Comic artist Frank Cho says he does not objectify women

Comic artist Frank Cho, who has drawn women for 20 years, says he enjoys drawing them in realistic proportions

Frank Cho has illustrated for some of Marvel's biggest franchises, including Mighty Avengers and X-Men.
Frank Cho has illustrated for some of Marvel's biggest franchises, including Mighty Avengers and X-Men.PHOTO: COURTESY OF FRANK CHO

Comic artist Frank Cho has drawn his way through the Marvel and DC universes across a 20-year career, but there is one thing he will always be known for: women.

From Brandy, the animal psychiatrist with pin-up looks from his long-running cartoon strip Liberty Meadows, to dinosaur-punching jungle warrior Shanna the She- Devil, the women he draws are feisty, powerful and voluptuous.

This has brought him controversy in recent years, as online commentators feel he objectifies women. But Cho, who will be in town this weekend for the Singapore Toy, Game and Comic Convention, maintains he is drawing women as realistically as he knows how.

"I enjoy drawing strong, independent women who are realistically proportioned, not those super- skinny supermodels who look like teenage boys," says the 45-year-old over the telephone from Baltimore in the United States, where he is based. "I don't draw skinny victims."

He has illustrated for some of Marvel's biggest franchises - Mighty Avengers, Spider-Man, X-Men and the Hulk - and is the cover artist for supervillain Harley Quinn at DC Comics.

He has won a string of awards for his work, including the British comic prize Eagle Award, the Charles M. Schulz Award for Excellence in Cartooning and an Emmy for the documentary Creating Frank Cho's World.

Frank Cho has illustrated for some of Marvel's biggest franchises, including Mighty Avengers and X-Men.
Frank Cho has illustrated for some of Marvel’s biggest franchises, including Mighty Avengers and X-Men. PHOTO: COURTESY OF FRANK CHO

But he has recently come under fire for his sexualised imagery. In 2015, he drew backlash online for a sketch cover of teenage character Spider-Gwen in a sexually suggestive pose on all fours. He responded to critics by drawing Harley Quinn in the same pose. He later donated US$1,000 ($1,400), raised from the sale of the Spider-Gwen image to a charity for victims of domestic violence.


  • WHERE: Halls D, E and F, Marina Bay Sands Expo, 1 Bayfront Avenue

    WHEN: Saturday and Sunday, 10am to 8pm. Frank Cho will do a live drawing on Saturday at noon.

    ADMISSION: $7 to $85, depending on zone access and duration of pass; buy tickets at

Last year, he walked off DC's Wonder Woman series, which he had been commissioned to produce covers for, citing a spat with writer Greg Rucka, who he said objected to the amount of skin Cho had Wonder Woman showing on the cover.

"I've drawn women for 20 years and reactions have been mostly positive," says Cho, who has two teenage daughters from his previous marriage.

"Then, three years ago, the political climate changed. Some Internet yahoos wrote a critical piece on me and, overnight, I became this misogynist who objectified women. It's complete nonsense."

He says he has had his fair share of compliments from female fans, some of whom approach him at conventions to get him to sign parts of their bodies. "It's usually their chests or their butts."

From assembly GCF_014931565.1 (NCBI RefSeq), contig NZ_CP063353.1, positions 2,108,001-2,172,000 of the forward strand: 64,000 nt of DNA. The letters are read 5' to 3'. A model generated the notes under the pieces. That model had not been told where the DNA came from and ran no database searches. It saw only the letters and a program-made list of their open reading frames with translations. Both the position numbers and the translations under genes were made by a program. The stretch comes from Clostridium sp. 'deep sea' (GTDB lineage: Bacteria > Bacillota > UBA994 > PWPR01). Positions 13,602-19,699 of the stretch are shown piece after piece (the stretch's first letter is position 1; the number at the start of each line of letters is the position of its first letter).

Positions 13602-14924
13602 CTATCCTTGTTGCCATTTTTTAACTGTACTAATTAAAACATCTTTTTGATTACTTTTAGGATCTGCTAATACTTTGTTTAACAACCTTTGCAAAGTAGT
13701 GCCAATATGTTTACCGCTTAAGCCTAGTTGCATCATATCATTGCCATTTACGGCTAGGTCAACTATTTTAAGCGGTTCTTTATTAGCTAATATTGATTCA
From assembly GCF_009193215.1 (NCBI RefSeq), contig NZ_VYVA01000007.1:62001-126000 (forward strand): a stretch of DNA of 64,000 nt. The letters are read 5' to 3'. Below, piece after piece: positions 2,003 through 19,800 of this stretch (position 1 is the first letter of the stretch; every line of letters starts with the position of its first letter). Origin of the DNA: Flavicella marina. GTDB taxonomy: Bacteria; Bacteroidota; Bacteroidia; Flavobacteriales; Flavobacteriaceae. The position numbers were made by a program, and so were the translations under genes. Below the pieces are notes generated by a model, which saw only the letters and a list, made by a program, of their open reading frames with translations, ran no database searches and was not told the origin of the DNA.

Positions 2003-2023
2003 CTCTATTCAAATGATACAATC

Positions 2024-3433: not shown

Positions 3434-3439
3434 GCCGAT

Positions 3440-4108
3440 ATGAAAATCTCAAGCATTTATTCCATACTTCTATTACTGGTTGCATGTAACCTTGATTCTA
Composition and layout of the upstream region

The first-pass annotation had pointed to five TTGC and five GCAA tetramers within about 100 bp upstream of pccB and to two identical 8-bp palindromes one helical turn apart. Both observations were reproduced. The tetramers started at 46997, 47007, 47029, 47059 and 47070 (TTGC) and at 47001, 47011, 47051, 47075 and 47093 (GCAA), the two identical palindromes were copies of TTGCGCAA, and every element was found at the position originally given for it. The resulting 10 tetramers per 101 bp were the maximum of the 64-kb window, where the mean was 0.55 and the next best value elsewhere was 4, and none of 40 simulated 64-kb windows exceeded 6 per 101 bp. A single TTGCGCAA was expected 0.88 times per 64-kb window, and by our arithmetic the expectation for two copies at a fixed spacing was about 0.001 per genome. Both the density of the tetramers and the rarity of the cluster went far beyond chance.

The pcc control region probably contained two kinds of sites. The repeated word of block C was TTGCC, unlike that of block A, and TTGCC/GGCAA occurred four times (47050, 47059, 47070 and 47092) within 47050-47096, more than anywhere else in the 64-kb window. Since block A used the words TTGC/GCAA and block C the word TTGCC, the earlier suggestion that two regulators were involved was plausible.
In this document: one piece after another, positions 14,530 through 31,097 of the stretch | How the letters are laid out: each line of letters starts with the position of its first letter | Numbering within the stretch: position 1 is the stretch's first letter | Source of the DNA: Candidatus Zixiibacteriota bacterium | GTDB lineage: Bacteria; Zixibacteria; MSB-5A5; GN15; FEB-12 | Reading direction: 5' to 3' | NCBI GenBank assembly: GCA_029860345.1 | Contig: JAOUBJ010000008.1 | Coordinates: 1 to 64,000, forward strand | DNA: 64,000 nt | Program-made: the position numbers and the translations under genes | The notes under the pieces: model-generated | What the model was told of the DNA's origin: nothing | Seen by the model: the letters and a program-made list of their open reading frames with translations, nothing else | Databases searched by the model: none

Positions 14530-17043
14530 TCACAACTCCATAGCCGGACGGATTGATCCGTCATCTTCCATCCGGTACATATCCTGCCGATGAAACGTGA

A career in comics was never on the horizon for a young Cho. Born in Seoul and without a command of the English language, he moved with his family to the US when he was six years old.

To integrate into this new world, he immersed himself in comics and movies - Indiana Jones, Blade Runner and all the old Hammer Horror films.

He had been doodling since he was a child, but his parents pressured him to become a doctor. They were college-educated, but had to take on menial jobs because their command of English was poor. His mother worked in a shoe factory, while his father juggled jobs as a carpenter and a janitor.

To placate them, he enrolled in nursing school - "it was shorter" - but after he graduated, he landed a syndication contract to do cartoons for newspapers. Then, he got recruited by Marvel, to his parents' chagrin. "They're from the old country," he says. "A grown man sitting in his room drawing cartoons all day - that was not a career to them. They thought I was going to starve."

Cho made a splash with Liberty Meadows, which grew out of a strip he started while at college. It features the high jinks of the inhabitants of an animal sanctuary, including a midget circus bear, a hypochondriac frog and an alcoholic, chain-smoking pig.

Although it went on hiatus in 2004, Cho says he plans to bring it back in a couple of years. He has also got the media rights back from Sony, which optioned them in 2008, and is working on the script for a 30-minute pilot with the hope of pitching it as a cartoon to the likes of Netflix and Amazon.

Cho is also working on creator- owned projects such as fantasy mini-series Skybourne and World Of Payne, a comic-slash-novel with writer Thomas Sniegoski, which has been described as a mixture of Sherlock Holmes, Harry Potter and Hellblazer. His next goal is breaking into the movie market.

His visit to Singapore will be his first time in Asia since he left Seoul.

He says he is looking forward to eating seafood and meeting fans.

As for those young artists aspiring to draw for a living against their parents' wishes, he urges them to pursue their passion.

"If you end up doing something you love, you'll never work for the rest of your life."

A version of this article appeared in the print edition of The Straits Times on September 05, 2017, with the headline ''I don't draw skinny victims''. Subscribe